I may trim a few of the long black threads. I plan to keep the threads exposed as they represent a continuation of sorts of the ribs on the background.
The final photo shows how it would look framed. I placed it on a copper felt background with a rustic wood frame with the strings tucked behind. As you can see, the light is coming from the right and happily playing light and shadows across the ribs.
Hope you enjoyed and hope it inspires you to try felting if you haven’t already. Thank you, Ruth, for letting me share my fun project. 🙂 cindy
For the First Quarter Challenge, I was intrigued by one of Lyn and Annie’s samples. It was chopped up bits of felt from an old piece added to a new one. Their piece was very colorful bits of felt on white wool but I was thinking in terms of florals in a landscape. I could try a small sample before I did a larger landscape that might not work as planned.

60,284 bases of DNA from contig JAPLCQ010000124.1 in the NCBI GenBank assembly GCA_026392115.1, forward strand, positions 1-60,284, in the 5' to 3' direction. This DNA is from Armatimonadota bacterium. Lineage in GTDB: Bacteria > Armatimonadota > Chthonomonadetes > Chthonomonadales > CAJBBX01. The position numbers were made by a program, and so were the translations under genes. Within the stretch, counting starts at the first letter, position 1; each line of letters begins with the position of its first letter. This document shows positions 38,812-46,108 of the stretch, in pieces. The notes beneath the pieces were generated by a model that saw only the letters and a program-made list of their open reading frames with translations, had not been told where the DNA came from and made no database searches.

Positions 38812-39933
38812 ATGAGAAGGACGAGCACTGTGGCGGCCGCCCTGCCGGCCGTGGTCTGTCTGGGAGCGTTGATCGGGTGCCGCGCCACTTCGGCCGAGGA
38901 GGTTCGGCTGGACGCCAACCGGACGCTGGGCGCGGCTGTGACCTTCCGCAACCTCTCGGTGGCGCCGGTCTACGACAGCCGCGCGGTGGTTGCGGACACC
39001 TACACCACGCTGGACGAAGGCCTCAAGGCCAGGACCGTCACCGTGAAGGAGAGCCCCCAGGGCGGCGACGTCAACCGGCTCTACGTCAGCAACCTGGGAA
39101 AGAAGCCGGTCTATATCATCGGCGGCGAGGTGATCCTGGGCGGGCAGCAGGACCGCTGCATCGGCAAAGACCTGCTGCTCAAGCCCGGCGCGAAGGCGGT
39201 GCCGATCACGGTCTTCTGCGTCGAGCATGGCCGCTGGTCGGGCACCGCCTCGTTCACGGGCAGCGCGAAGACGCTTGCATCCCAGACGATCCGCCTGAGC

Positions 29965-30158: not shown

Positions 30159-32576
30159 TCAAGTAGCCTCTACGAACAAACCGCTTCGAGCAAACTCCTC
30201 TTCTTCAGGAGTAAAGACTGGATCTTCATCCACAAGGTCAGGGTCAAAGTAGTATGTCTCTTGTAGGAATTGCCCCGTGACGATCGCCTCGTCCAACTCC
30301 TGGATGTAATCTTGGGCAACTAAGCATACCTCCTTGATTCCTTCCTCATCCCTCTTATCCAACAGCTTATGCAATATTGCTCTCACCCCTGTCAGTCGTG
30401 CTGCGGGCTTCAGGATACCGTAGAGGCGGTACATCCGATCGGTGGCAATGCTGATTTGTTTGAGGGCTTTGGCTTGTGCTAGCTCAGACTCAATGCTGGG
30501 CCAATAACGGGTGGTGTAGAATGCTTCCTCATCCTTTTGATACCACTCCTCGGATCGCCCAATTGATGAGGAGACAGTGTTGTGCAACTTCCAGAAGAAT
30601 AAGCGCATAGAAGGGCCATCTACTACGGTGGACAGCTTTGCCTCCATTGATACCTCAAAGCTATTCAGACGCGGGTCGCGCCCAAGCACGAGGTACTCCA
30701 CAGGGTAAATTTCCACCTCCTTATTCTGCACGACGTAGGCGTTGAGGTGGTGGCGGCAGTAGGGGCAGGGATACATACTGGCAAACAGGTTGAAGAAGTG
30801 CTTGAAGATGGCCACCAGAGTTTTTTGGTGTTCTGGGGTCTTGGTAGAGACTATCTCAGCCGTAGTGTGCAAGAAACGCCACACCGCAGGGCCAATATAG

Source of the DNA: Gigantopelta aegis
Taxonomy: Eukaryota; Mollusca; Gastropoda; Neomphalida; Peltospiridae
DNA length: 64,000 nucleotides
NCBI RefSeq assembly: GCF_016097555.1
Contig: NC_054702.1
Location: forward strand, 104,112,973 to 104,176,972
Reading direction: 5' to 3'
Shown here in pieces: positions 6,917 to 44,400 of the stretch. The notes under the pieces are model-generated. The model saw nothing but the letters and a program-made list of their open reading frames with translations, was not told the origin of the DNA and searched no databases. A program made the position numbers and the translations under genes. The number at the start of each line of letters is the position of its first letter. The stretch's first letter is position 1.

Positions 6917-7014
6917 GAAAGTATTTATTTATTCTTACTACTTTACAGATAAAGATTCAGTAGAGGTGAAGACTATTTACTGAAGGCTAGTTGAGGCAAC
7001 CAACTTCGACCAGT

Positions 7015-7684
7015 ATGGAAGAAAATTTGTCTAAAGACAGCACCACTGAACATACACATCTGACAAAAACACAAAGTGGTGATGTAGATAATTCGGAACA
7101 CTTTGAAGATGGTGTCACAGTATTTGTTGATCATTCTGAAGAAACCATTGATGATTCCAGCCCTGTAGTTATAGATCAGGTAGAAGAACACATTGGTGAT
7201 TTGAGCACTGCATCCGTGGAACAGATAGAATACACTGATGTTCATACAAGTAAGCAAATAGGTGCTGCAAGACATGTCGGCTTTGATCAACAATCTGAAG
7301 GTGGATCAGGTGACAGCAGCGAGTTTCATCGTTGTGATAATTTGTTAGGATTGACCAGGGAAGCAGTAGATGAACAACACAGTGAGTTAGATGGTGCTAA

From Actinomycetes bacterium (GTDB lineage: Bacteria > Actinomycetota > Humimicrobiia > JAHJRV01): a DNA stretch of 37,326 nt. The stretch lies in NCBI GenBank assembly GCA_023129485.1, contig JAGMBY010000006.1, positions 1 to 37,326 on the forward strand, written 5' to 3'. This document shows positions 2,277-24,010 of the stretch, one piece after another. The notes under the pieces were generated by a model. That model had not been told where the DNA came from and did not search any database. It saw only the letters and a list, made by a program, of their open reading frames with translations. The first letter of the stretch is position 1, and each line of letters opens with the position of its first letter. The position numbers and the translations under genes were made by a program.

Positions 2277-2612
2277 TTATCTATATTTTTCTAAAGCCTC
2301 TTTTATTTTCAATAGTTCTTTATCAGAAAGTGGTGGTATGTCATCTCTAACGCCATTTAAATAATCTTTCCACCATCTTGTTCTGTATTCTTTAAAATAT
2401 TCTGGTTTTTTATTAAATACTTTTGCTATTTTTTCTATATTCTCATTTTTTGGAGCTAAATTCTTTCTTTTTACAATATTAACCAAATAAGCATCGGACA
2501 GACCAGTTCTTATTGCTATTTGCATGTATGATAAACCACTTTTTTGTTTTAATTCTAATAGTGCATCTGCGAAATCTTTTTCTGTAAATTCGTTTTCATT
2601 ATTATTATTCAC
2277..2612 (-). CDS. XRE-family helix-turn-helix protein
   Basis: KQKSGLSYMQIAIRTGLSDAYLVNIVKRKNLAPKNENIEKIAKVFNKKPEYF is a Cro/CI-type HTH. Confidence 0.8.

Here is the sample that I planned on repurposing. I made this several years ago and I can’t remember why I thought I should try this but it is wool with layers/ruffles of dyed cheesecloth. It worked but I didn’t really have any kind of plan on how I would use this method and it’s just been in a bin since then. But it had good California poppy colors so I thought I could chop it up into small bits to represent poppies in a landscape.
I only used a very small amount of the sample to chop into bits with my trusty rotary cutter. I have loads left if I decide to create a larger landscape with this technique.